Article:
Detroit: I Do Mind Dying tracks the extraordinary development of the Dodge Revolutionary Union Movement and the League of Revolutionary Black Workers, as they became two of the most vital political organizations of the 1960s and 1970s. Widely heralded as one the most important books on the black liberation movement and labor struggles in U.S. history.
Documentary about the League of Revolutionary Black Workers, a radical black workers' group based in the car factories of Detroit. Through interviews with members, supporters and opponents as well as footage of leafleting and picket lines, the film documents their attempts to build a radical black workers' organisation to take on both management and the union and fight to improve conditions for all workers, black and white.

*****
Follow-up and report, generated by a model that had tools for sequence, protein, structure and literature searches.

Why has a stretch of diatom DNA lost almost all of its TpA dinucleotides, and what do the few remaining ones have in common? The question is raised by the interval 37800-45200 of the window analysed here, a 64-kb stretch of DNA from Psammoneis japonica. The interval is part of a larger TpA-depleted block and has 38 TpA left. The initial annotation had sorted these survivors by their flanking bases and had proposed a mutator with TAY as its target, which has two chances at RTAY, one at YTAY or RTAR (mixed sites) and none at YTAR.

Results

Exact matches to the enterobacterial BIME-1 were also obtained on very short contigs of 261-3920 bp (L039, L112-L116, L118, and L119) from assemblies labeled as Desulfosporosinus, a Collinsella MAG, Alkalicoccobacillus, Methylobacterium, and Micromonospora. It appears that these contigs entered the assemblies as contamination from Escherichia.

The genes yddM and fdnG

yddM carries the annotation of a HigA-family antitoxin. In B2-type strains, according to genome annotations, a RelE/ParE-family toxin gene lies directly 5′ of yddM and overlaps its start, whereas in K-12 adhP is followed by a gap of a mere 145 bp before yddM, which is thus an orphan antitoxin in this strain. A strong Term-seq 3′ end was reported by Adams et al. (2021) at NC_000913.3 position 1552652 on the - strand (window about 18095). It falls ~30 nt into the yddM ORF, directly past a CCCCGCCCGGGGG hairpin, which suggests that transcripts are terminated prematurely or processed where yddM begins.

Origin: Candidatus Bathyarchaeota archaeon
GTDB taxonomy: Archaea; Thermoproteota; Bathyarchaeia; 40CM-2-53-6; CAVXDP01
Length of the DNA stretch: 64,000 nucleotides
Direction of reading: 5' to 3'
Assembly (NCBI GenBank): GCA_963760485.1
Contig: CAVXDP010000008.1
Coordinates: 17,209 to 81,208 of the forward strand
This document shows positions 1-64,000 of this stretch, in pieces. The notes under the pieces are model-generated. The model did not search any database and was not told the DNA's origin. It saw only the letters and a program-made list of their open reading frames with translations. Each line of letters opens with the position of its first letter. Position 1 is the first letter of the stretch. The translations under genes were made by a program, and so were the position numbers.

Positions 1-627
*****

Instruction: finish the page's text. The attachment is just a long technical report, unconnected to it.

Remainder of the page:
In 1963, drawing on his own experience as a factory worker and radical militant, James Boggs wrote this pamphlet. It addresses (among many things) the failures of the CIO, increasing automation, rising unemployment and the emergence of new social actors ('the outsiders') that he saw as a threat to capitalism.
Extracts from Charles Denby's excellent autobiographical work, Indignant Heart - Testimony of a Black Worker. The extracts describe his experiences as a black auto worker, factory struggles against both the bosses and the union bureaucracy and the dynamics of race within the workforce and wider society. He also describes his disillusioning experiences with Stalinist and Trotskyist parties and their hypocritical attitudes to black workers.